Active Record gains new features with each release of Rails. If your application has been around for awhile, you may run into queries that couldn’t be performed by Active Record at the time, and thus are written by hand. With some understanding of SQL, you can understand what earlier developers needed to accomplish with the code and query in question. You can alter the query with confidence, and maybe even port it to a modern version of Active Record.

Of the reasons I’ve listed here, this is the one I run into most often in the codebases I work in. Raw SQL really stands out when juxtaposed against pretty Ruby code, but I know past developers didn’t sneak it in there without reason. And sometimes, I’m able to rewrite the query using Active Record tools that weren’t available to those past developers, and minimize context shifting for future developers.

Work outside of Rails

I’ve worked professionally with Ruby, Perl, Python, PHP, ASP, JavaScript, and probably a few other languages I’m forgetting, to develop backends for web applications. In all those scenarios, a SQL-based database was the constant. If you ever find yourself working with a different language or framework than Ruby on Rails, the techniques for connecting from the framework to the database may look radically different–but under the hood, there’s a good chance it’ll still be SQL. And understanding the fundamentals will help you pick up what’s unique about said framework’s approach to database interactivity.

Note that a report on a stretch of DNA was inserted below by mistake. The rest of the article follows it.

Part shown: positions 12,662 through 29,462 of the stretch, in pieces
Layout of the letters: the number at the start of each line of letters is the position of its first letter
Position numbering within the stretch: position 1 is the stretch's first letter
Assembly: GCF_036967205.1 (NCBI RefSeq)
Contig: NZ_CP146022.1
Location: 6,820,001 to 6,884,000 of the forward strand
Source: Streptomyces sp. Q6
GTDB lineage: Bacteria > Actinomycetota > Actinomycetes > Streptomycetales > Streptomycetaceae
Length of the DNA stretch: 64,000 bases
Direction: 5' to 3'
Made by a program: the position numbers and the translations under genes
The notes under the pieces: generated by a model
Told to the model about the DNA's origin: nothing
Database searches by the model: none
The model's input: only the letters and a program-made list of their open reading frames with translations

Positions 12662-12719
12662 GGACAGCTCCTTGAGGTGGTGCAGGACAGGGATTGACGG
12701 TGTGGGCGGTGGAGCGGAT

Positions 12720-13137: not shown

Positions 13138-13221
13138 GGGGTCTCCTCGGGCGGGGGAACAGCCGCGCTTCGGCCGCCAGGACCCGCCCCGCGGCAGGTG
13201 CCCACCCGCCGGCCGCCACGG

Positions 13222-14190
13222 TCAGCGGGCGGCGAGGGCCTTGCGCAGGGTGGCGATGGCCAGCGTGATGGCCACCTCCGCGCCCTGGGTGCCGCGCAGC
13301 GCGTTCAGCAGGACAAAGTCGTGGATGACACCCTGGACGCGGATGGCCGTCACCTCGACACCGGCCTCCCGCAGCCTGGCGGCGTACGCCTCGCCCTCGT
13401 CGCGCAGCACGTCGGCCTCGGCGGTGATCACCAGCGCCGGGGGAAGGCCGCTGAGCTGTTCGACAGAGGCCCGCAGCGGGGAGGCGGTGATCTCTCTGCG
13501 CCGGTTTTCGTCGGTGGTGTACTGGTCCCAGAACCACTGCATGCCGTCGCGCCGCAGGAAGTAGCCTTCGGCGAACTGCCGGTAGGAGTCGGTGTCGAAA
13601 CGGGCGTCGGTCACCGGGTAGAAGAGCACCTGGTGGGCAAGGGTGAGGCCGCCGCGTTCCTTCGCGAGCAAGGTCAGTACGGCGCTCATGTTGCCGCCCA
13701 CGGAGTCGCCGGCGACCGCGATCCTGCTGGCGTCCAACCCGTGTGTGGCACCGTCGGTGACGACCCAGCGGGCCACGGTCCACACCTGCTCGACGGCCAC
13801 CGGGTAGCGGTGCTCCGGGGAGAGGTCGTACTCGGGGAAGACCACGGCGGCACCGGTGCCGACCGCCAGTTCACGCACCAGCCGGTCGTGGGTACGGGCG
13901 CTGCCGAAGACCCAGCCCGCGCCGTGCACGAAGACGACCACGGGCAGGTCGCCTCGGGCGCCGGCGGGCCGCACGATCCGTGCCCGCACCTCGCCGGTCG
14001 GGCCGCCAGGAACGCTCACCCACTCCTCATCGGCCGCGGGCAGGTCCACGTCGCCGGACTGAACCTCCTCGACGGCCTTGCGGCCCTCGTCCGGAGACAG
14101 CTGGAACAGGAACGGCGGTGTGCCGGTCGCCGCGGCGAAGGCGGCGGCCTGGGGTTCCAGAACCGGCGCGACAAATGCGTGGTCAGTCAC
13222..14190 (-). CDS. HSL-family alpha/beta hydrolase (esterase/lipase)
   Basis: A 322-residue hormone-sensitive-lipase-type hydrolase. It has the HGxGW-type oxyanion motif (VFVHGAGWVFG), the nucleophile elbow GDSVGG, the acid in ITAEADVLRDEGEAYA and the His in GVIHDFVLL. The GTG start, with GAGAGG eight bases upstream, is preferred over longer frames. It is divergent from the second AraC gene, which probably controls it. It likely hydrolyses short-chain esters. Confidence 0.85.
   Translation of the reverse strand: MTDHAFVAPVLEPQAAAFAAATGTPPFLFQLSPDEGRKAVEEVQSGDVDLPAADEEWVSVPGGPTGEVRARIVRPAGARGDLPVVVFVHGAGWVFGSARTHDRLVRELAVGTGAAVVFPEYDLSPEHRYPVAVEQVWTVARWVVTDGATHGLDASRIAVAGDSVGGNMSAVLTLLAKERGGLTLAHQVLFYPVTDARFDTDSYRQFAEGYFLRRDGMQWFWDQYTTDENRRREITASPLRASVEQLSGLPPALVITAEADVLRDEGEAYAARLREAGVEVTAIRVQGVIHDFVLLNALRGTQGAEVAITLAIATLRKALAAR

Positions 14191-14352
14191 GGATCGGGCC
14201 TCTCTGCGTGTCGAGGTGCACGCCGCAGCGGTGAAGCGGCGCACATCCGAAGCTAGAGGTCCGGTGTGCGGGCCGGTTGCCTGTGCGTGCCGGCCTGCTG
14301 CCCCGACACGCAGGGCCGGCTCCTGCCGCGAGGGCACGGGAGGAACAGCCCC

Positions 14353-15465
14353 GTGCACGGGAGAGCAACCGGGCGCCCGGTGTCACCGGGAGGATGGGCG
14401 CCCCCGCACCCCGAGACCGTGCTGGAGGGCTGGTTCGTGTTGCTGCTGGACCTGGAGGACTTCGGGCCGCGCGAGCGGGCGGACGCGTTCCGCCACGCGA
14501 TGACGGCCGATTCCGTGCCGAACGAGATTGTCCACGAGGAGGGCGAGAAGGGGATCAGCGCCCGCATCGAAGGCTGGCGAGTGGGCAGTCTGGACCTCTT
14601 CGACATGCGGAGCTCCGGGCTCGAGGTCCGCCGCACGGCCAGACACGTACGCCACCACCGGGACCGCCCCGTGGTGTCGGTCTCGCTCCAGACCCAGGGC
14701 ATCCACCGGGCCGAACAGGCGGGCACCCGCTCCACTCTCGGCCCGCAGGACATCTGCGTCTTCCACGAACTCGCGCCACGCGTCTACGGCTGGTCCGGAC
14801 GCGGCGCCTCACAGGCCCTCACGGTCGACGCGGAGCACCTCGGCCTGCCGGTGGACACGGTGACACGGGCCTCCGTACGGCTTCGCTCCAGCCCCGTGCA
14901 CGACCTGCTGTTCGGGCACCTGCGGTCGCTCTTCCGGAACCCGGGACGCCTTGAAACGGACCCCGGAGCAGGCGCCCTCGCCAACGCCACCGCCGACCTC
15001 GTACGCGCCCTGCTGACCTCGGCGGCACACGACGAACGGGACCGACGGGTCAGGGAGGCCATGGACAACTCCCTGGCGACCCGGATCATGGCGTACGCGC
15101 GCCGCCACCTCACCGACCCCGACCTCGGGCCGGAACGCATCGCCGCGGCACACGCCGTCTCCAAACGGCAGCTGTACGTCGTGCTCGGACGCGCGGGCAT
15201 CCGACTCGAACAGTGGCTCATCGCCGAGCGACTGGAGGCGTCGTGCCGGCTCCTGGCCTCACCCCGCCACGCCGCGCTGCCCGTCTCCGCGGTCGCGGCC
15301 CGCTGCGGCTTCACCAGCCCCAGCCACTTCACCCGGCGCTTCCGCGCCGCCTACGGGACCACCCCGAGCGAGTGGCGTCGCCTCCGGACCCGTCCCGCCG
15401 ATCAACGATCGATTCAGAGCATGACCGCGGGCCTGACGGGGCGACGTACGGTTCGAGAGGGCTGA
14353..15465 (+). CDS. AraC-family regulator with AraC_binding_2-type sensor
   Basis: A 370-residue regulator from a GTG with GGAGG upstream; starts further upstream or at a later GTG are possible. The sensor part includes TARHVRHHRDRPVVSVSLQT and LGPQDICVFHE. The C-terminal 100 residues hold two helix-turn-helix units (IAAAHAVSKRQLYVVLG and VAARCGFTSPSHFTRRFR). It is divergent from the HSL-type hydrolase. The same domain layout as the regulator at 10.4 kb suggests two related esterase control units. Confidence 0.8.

Prepare for job interviews

This last one’s maybe a little sassy, and definitely unsubstantiated–but it’s also what got me thinking about the benefits of knowing SQL enough to write this article. As robust as Active Record is, job descriptions still often list (strong) understanding of SQL as a requirement. If you walked into an interview tomorrow morning, would you be able to demonstrate such understanding?

Now, I don’t agree with the practice of grilling already nervous candidates questions about skills and concepts they’ll seldom encounter on the job, but not everyone agrees with me on that. And as I’ve hopefully convinced you by now, there are plenty of other, legitimate reasons to keep some understanding of SQL in your back pocket, because you never know when it’s going to be useful.